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I want to show that the branch of the complex square root function $\sqrt{}:\Omega \rightarrow \mathbb{C}$,

$x+iy\mapsto u(x,y)+iv(x,y)=\sqrt{\frac{x+\sqrt{x^2+y^2}}{2}}+i\frac{y}{|y|}\sqrt{\frac{-x+\sqrt{x^2+y^2}}{2}}$

on $\Omega=\{x+iy:x>0\}$ (the complement of the negative real axis $z\leq0$) is analytic using the theorem: If $u(x,y)$, $v(x,y)$ have continuous first-order partials and satisfy the Cauchy-Riemann equations, then $\sqrt{}$ is analytic.

This has been fine when $y\neq0$. But when $y=0$, by definition $\sqrt{x+iy}=\sqrt{x}$ since $x>0$, which does not satisfy the Cauchy-Riemann equations as I understand. I looked around a bit and one source just seemed to ignore this. Where is my confusion? Thank you.

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  • $\begingroup$ You can't set $y=0$ in $f(x,y)$ and then check the partials. Doing so is ok to check the partial derivatives $u_x,v_x,$ because they depend only on the values of $f$ on the $x$-axis, but the derivatives $u_y,v_y$ depend on the values of $f$ for slightly larger and smaller values of $y$. You have to compute the partial derivative first and then set $y=0$. $\endgroup$ – juan arroyo Jan 5 '17 at 19:37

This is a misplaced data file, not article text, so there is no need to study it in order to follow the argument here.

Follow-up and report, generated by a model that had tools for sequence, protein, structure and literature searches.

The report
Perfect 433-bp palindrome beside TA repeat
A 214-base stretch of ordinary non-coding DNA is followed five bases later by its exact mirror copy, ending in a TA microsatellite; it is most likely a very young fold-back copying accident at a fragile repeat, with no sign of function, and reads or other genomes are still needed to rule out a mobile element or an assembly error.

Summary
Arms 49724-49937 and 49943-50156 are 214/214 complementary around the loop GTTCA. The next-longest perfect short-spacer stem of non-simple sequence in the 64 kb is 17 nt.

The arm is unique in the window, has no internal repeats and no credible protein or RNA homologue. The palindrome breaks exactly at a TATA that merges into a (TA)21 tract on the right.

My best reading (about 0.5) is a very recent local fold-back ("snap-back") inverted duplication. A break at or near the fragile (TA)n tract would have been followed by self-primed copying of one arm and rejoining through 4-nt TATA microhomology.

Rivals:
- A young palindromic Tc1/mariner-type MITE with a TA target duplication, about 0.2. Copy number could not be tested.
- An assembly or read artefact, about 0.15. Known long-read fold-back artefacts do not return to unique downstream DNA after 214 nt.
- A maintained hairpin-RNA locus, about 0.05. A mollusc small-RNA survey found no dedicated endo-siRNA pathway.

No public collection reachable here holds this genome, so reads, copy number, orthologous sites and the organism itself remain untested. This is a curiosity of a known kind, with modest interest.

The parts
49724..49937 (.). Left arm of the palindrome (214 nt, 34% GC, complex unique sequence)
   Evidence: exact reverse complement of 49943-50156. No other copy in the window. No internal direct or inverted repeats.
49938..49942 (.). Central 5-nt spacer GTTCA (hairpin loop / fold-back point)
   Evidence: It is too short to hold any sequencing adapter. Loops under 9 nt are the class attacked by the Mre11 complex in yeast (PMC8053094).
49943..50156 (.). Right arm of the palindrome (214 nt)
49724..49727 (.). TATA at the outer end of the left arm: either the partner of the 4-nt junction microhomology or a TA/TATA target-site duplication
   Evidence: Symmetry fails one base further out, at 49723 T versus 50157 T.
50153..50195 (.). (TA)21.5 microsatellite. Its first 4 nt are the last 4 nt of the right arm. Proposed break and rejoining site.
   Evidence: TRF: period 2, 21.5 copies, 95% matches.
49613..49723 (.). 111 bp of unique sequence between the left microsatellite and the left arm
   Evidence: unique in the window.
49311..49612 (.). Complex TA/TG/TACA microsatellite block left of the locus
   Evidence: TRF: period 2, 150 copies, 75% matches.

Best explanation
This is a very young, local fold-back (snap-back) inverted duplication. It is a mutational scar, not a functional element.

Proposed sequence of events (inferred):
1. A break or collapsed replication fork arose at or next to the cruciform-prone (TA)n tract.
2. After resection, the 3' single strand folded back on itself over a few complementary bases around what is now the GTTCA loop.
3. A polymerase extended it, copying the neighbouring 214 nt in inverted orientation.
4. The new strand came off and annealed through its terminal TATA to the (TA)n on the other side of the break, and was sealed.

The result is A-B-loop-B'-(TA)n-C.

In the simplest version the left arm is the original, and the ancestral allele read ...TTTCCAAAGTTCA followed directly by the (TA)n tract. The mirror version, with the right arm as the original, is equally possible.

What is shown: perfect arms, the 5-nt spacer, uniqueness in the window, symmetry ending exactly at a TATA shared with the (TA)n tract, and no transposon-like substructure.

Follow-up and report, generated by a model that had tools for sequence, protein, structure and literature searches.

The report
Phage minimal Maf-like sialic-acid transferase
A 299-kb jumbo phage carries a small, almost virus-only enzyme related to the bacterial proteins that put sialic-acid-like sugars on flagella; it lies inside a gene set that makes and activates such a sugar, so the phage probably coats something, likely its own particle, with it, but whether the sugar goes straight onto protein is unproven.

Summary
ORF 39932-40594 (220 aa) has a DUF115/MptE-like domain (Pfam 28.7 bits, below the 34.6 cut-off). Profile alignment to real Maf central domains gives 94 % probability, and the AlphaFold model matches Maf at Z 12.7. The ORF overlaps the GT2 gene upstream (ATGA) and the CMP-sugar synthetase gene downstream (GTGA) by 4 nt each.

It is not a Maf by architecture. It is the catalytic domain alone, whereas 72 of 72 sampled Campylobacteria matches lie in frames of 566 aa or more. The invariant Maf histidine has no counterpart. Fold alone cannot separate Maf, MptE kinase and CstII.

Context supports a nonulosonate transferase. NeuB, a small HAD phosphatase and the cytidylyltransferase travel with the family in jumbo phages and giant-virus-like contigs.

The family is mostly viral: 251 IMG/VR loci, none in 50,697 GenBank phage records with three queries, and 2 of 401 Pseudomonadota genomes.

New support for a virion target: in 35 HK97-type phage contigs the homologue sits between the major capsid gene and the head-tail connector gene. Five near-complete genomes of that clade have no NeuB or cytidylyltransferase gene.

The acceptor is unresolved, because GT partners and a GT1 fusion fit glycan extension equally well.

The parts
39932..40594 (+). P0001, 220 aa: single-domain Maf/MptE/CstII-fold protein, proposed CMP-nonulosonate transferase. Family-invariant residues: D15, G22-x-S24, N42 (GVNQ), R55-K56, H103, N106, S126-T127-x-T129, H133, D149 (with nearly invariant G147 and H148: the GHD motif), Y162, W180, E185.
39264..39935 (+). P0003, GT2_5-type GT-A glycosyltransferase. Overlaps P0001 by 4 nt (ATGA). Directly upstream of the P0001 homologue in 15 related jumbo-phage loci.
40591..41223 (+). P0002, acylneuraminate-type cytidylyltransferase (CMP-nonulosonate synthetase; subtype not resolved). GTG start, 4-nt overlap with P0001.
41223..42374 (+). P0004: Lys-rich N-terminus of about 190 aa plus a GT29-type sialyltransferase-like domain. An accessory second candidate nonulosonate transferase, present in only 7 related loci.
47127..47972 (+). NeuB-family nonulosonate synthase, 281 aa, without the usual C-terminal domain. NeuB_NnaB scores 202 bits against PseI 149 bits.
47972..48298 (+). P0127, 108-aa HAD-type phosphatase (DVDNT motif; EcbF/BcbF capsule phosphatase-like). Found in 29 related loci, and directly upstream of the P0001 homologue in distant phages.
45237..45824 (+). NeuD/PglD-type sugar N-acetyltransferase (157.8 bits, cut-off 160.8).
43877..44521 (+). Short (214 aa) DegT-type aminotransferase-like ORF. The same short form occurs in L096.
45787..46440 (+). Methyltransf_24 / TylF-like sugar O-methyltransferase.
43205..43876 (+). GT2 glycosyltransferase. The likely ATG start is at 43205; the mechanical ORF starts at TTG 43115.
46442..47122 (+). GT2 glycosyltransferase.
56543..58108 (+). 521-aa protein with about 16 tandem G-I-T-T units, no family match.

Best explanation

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The way you wrote $v$ makes it non-obvious that $v$ is differentiable (or even continuous) when $y = 0$. But you can express $v$ somewhat differently, e.g. $$ v = \frac{y}{2u} = \frac{y}{\sqrt{2x+2\sqrt{x^2+y^2}}}$$ and then you can see that it does satisfy the C-R equations.

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  • $\begingroup$ In this case, can we say $2uv=y$ then $v_x=-\frac{v}{u}u_x$ that does not satisfy the Cauchy-Riemann equations? $\endgroup$ – Nosrati Jan 5 '17 at 19:06
  • $\begingroup$ But it does satisfy them. From $2uv=y$ you get $2 u_x v + 2 u v_x = 0$ and $2 u_y v + 2 u v_y = 1$, from $u^2 - v^2 = x$ you get $2 u u_x - 2 v v_x = 1$ and $2 u u_y + 2 v v_y = 0$, and then $u_x = v_y = \dfrac{u}{2(u^2 + v^2)}$, $u_y = - v_x = \dfrac{v}{2(u^2+v^2)}$. $\endgroup$ – Robert Israel Jan 6 '17 at 1:32

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